Reflex Architects attributes the successful execution of this large and complex project — it took close to 10 years and involved over 3000 people — to its use of Archicad. The tool had the intuitiveness that was needed to support early massing studies at the conceptual design phase, allowing the design team to quickly create, analyze, visualize, and test multiple alternatives (Figure 2). The use of BIMx allowed the designs to be explored by the client and the tenants of the building, enabling them to provide the feedback essential to finalizing the design. At the detailed design stage, Archicad allowed the extensive list of very specific client requirements to be incorporated into the project using properties and parameters, and its comprehensive IFC capabilities enabled the BIM model to be shared with the engineering consultants and the contractor for multi-disciplinary collaboration as well as exported to analytic software. For internal collaboration, Archicad’s Teamwork functionality allowed the design team members to share models and work seamlessly irrespective of location — which became especially critical during the pandemic.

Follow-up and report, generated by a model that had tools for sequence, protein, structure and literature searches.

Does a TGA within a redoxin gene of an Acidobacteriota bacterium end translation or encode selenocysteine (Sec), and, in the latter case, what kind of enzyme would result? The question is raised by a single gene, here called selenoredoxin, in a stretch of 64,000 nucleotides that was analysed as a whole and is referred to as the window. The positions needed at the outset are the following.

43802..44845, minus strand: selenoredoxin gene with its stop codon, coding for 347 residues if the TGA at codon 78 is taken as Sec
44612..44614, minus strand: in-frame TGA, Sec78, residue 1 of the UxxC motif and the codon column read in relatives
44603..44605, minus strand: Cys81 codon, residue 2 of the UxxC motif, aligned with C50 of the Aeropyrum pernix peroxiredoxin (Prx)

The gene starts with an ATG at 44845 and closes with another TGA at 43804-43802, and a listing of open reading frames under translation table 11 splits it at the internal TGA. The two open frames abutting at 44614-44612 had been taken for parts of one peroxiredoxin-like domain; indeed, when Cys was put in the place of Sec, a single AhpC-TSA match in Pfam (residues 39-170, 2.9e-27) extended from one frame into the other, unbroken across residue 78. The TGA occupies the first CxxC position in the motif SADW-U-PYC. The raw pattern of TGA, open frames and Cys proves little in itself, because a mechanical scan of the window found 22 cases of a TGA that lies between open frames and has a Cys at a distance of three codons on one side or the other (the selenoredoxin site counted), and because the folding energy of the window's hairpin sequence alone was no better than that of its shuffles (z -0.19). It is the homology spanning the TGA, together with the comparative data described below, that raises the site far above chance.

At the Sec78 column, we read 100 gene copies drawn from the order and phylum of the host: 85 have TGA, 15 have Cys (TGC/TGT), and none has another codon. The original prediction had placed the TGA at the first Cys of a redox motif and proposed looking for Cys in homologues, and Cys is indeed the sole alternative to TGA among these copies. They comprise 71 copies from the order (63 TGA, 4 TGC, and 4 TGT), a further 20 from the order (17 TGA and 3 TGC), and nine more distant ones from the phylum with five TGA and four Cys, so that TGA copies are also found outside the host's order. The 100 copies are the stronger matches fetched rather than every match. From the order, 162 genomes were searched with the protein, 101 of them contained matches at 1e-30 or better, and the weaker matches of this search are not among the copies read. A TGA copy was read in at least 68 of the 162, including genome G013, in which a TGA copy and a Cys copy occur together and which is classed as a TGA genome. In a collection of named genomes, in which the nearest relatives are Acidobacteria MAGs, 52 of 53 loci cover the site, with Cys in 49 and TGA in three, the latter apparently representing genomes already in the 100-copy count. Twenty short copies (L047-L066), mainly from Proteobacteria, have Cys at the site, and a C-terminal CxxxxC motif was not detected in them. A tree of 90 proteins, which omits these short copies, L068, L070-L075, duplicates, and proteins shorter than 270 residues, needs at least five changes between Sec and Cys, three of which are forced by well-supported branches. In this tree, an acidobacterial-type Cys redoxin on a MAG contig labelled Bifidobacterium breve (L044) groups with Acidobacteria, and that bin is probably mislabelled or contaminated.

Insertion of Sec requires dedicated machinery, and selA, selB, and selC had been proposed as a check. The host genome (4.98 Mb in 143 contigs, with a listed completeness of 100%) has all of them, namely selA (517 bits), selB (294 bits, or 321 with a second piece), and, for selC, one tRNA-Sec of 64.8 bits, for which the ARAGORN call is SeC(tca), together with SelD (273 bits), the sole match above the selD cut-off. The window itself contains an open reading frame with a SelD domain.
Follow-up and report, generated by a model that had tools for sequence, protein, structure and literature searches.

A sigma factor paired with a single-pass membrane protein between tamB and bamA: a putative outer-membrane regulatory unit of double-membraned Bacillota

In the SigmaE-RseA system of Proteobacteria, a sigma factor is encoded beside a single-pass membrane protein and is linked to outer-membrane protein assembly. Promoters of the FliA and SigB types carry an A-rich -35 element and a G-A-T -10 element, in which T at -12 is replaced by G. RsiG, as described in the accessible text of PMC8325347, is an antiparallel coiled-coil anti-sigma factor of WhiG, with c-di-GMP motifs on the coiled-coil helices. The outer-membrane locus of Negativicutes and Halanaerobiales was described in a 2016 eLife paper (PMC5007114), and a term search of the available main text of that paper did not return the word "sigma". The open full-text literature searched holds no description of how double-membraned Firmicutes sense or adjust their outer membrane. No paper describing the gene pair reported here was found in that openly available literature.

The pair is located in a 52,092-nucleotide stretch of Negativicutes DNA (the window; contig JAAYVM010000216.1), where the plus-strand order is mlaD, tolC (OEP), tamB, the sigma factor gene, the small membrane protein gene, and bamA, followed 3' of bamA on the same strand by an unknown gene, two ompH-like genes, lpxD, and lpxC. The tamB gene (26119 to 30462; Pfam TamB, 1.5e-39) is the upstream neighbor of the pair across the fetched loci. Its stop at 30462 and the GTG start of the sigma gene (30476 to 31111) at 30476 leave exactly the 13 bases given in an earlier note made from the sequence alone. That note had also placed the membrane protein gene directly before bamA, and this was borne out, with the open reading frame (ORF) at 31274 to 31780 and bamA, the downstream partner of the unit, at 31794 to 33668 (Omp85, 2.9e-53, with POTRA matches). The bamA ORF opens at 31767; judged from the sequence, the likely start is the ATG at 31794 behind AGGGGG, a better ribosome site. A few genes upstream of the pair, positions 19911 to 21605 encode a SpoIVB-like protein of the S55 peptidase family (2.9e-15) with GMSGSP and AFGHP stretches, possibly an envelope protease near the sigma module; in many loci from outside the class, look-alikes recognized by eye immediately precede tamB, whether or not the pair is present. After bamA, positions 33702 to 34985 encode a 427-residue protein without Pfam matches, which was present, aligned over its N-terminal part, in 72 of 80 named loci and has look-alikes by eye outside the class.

Archicad was especially critical in the design of Kineum’s fishnet façade, which is the key feature of the building — it is symbolic of fishing nets and cranes of the old port city of Gothenburg — and the most challenging part of the project. Sustainability was a key criterion, and the façade had to be engineered to maximize the daylighting in the building and minimize its thermal dispersions. It was modeled using Archicad’s Curtain Wall tools and used highly customized profiles to create the complex three-dimensional panels that make up the façade (Figure 3). The design involved numerous technical calculations and analysis that Archicad enabled, as well as the testing of the balance between the opaque and transparent parts which was crucial to get right. The final building was able to be certified as BREEAM Excellent, which is one of the highest levels of sustainability certification in the UK and Europe.